==== better shorter answer ====

It's not true for base 2 because "2" doesn't exist in base 2.

But changing bases doesn't change what the numbers *are*. It only changes how we represent them. So the real question is does "2" always represent the same number that "1 + 1" represents?

And the answer to that is: Yes, so long as the base is greater than 2 so that it *has* the digit "2".

Any base N will have N digits: {0, 1, 2,........, (N-1)}. "0" is a "null place holder" (sort of, it's a little more complicated than that) and {1,2,3.....,(N-1)} represent the first of the natural numbers. So "2" is always the number we know as 2 if "2" exists. "3" is always the number we know as 3 if "3" exists.... "9" is always the number we know as 9 if "9" exisits. And "A" is always the number we know as 10 if "A" exists" (which it *doesn't* in base 10; ... or should I say "base A"?... It *does* exist in base 11 which has the digits {0,1,2,3,4,5,6,7,8,9,A} which represent the null place holder and the first "ten" natural numbers).

So if "2" and "1" exist. "1 + 1" and "2" always represent the number we know as 2 and the sum we know as 1 + 1.

===== third answer =====

$a + b = c$ where $a,b$ and $c$ are single digit numbers and the base of our numbering system is greater than $c$ will always be true (assuming, of course, that $a + b$ *does* equal $c$).

Whereas if the number system is $N \le c$ or less. $a + b = 1M$ where $M$ is the symbol for $c - N$.

The reason is because digits of a base N system are {0,1,....,N-1} and represent those natural numbers. If $a + b < N$ there *will* be a digit to represent it. If $a+b \ge N$ there won't be.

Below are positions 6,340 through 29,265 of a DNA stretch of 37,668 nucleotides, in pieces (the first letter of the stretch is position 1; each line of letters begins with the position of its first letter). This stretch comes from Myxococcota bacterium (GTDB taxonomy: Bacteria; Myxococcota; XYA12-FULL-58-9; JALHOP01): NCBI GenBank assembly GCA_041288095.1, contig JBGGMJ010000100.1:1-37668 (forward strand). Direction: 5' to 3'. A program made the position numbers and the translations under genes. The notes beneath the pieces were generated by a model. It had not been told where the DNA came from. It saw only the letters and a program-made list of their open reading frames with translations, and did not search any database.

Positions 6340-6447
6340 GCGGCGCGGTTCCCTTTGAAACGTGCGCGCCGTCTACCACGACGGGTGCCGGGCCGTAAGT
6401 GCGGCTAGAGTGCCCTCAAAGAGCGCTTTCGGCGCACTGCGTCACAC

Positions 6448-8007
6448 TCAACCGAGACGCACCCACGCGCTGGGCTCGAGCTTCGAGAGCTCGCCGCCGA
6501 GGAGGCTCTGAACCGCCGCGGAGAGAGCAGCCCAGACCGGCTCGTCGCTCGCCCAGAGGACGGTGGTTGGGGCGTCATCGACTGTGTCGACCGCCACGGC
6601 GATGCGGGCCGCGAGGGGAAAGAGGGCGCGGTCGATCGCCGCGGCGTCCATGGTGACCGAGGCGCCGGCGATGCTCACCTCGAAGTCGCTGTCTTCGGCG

So for, example $4 + 3 =7$ for all bases that *have* a "$7$". i.e. all bases greater than 7.

So $1+1=2$ is true for all bases that have a "$2$", that is, all bases greater than $2$.

Or to put it a different way:

If $a + b = c< N$ then in base N, $a + b = a*N^0 + b*N^0 = cN^0 = c$. As $c < N$ there is a digit representing c$.

If $a + b = c \ge N; 0 \le a < N; 0 \le b < N$ then in base N $a + b = a*N^0 + b*N^0 = (a+b)*N^0 = c*N^0 = (N + (c - N))*N^0 = N^1 + (c-N)*N^0$. Note that $0 \le c-N < N$ so there is a digit $M = c-N$. So $N^1 + (c-N)*N^0 = 1*N^1 + M*N^0 = 1M$.

==== old answer ====

Um.... 1 and 2 are symbols and mean nothing by themselves.

When we do base arithmetic we share symbols for digits.

Base1 = has one digit-symbol {1}

Base2 = has two digit-symbols {0,1}

Base3 = has three {0,1,2}

Base 4 = has four {0,1,2,3}

...

And so on.

For all bases the symbol "1" means the "base single number.

For all bases that contain the symbol "2", "2" means the "number after 1".

For all bases that contain the symbol "3", "3" means the "number after 2".

And so on.

If "2" is a symbol in the base then, yes, "2" = "the number after the base number" = "the base number plus the base number" = "1+1". That will always be true.

But Base 1 and Base 2 do not have the symbol "2".

In base 2, 1+ 1 = 10.

In base 1, 1 + 1 = 11.

But for all bases > 2 which *do* have the symbol "2". 1 + 1 = 2.